Carolyn Miller could have become many things. Engineer. Chemist. Teacher. But in May, she becomes a physician.
She thanks her mentors at The University of Texas Health Science Center, where she began learning about medicine as a 14-year-old high school freshman. Miller was among the first to join the university's biomedical program, which is run in conjunction with the San Antonio Independent School District.
"I had decent grades, but I was undecided as to what career to choose. The biomedical program pushed me toward the medical sciences. I always liked math and science, but I might just as well have wound up in another field where I could have used math and science," Miller said.
The Health Science Center has a long-standing policy of encouraging young students in the sciences.
Dozens of faculty members at the Health Science Center work with high school and undergraduate students in formal and informal arrangements. The biomedical program is one of the largest, involving up to 100 students a year.
Miller joined the program when it started in 1981. Now she is going to become its first alumnus to become a physician. And she is graduating from the Health Science Center's own medical school.
Her success bucks a national trend. About 5 percent of high school sophomores who are interested in science careers ever earn their baccalaureate degree, and only 1 percent obtain their doctorate, according to the National Science Foundation.
Miller graduated from Texas Christian University in Fort Worth with a bachelor's degree in biology in 1990. She said her years of high school instruction at the Health Science Center helped her immensely.
"When I got to college, it gave me confidence," Miller said, referring to her experience in the biomedical program. "I was away from home, it was a whole new ball game. Everyone had a 4.0 GPA, but I knew I could do it. I had studied these things before."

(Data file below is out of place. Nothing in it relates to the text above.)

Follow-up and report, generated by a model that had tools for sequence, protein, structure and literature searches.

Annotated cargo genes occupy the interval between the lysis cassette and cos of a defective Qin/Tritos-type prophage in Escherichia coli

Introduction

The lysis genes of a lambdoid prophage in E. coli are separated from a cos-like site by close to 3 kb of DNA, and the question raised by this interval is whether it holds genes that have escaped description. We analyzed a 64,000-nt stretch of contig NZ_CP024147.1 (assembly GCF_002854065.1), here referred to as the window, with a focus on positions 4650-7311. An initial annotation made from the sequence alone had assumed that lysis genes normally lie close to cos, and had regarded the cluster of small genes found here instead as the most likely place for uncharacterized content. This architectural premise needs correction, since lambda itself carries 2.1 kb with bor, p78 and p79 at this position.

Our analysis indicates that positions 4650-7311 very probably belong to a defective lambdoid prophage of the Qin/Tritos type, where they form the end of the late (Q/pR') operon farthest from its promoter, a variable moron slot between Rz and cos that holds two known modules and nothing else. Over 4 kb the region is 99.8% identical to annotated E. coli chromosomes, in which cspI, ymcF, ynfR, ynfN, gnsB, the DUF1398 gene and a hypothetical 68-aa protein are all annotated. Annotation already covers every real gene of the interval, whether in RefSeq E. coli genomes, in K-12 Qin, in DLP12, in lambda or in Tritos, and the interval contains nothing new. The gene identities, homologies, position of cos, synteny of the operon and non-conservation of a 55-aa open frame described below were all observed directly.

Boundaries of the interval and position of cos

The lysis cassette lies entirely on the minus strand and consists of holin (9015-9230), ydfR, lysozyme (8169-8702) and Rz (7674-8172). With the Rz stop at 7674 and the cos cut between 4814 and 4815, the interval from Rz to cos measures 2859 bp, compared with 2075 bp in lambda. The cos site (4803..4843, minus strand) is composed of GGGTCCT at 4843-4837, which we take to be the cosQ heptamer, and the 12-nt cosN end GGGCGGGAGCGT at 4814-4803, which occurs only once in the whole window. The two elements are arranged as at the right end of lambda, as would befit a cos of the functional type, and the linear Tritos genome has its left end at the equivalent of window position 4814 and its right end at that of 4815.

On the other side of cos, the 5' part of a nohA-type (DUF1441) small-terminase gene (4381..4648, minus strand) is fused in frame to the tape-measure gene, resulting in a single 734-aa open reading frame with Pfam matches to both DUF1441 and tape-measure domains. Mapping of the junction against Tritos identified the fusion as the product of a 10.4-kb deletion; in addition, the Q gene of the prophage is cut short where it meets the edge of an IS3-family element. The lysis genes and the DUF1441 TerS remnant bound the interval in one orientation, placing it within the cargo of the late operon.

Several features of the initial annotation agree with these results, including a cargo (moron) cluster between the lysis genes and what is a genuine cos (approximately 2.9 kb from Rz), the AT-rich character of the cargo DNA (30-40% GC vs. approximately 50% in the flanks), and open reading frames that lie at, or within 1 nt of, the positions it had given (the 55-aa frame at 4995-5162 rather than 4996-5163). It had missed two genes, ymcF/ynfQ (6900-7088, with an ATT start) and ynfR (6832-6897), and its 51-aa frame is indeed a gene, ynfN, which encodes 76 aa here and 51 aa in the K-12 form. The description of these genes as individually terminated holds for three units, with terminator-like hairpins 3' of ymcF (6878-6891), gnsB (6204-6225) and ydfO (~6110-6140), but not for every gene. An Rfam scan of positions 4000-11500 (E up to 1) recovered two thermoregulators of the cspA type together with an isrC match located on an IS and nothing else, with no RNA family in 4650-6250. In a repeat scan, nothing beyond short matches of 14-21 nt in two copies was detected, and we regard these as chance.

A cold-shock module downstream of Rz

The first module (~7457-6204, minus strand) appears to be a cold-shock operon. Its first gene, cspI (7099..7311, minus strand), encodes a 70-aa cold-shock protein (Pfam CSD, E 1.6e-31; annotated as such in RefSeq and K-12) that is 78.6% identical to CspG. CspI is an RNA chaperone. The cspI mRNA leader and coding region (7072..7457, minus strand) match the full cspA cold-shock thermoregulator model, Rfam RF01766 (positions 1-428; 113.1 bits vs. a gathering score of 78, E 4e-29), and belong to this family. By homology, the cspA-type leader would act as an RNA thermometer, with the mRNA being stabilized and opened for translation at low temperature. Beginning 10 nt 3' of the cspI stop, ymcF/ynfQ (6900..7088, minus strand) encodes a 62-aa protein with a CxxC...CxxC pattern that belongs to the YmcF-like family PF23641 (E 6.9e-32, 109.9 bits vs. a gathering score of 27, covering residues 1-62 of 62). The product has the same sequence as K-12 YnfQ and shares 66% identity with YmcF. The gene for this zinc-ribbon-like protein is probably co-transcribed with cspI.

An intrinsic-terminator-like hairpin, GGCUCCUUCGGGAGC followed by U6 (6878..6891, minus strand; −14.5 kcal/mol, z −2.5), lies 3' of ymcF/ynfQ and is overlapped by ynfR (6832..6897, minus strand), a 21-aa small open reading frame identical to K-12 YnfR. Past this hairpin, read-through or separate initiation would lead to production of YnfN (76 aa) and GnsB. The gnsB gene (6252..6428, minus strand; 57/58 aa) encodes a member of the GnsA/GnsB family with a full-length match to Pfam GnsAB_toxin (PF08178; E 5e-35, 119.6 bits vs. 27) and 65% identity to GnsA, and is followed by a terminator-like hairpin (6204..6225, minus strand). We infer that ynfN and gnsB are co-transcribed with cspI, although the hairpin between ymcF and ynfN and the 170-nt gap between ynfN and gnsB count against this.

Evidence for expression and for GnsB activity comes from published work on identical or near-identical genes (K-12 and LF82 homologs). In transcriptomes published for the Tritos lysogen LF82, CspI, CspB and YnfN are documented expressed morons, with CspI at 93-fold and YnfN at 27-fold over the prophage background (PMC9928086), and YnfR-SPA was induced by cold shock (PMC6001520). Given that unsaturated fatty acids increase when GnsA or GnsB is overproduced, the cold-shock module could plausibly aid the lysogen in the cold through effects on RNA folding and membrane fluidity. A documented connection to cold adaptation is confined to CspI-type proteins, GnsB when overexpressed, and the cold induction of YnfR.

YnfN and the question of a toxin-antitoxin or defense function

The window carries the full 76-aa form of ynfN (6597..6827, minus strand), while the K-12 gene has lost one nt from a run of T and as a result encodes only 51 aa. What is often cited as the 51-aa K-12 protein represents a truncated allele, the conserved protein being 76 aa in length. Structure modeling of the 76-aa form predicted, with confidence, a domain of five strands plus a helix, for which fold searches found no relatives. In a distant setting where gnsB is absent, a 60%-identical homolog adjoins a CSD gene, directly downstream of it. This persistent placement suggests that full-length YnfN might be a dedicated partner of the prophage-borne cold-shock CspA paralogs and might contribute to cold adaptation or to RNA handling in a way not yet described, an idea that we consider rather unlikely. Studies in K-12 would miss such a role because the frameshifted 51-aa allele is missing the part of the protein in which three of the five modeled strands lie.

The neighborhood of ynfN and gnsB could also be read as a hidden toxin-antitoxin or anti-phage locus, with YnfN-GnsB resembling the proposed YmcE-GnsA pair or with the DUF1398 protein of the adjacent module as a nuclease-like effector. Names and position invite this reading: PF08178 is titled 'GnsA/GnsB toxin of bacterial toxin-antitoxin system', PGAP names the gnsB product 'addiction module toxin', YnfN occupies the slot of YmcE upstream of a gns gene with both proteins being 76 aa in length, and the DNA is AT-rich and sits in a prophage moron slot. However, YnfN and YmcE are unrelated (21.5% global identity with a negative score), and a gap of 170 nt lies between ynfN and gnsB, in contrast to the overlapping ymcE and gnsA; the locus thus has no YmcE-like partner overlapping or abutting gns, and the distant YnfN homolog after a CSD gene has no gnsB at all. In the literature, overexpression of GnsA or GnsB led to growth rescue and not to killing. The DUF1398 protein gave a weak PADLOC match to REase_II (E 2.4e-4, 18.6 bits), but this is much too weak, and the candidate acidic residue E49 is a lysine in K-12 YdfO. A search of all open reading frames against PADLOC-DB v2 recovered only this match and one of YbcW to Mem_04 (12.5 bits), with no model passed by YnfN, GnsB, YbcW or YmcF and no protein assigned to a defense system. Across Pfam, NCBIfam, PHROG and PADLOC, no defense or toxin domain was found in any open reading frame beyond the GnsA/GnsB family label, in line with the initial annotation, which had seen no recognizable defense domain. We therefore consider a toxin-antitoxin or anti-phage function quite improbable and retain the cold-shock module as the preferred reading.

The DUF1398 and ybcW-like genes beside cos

All this delights Miguel Medina, PhD, pharmacology professor and associate dean of student affairs in the graduate school of biomedical sciences. Dr. Medina, founder of the biomedical program, and dozens of other volunteers from the Health Science Center are seeing the rewards from 12 years dedicated to helping high school students prepare for health professions.
Their goal is to encourage achievement among students with high potential. It seems to be working.
Seventy-seven students have completed the program, and all have gone onto the college with at least one scholarship each, Dr. Medina said. Three of the 77 are in medical school.
Vicky Taylor, who graduated from San Antonio's Fox Tech High School in 1988 and graduated as a biology major from Southern Methodist University in Dallas, is in her first year of medical school at the Health Science Center.
Her high school classmate, Benito Marrufo, is a second-year medical student at Baylor College of Medicine in Houston. He earned his undergraduate degree in biology from Cornell University in New York.
"It opens doors for you when you go to college," Marrufo said. "The transcript shows that you have taken advanced courses such as microbiology and have a broad background in the sciences. I know it helped me."
In his senior year of high school, Marrufo worked with Russel J. Reiter, PhD, on research involving the pineal gland.
Dr. Medina said he started the program with the goal of helping students do well in school. He wanted to encourage them not to drop out and to show them what they could accomplish.
"The payoff to me is not just having the students stay in school, but having them go on to college," he said.
Dr. Medina and other volunteers confront a special problem because some students come from low-income families.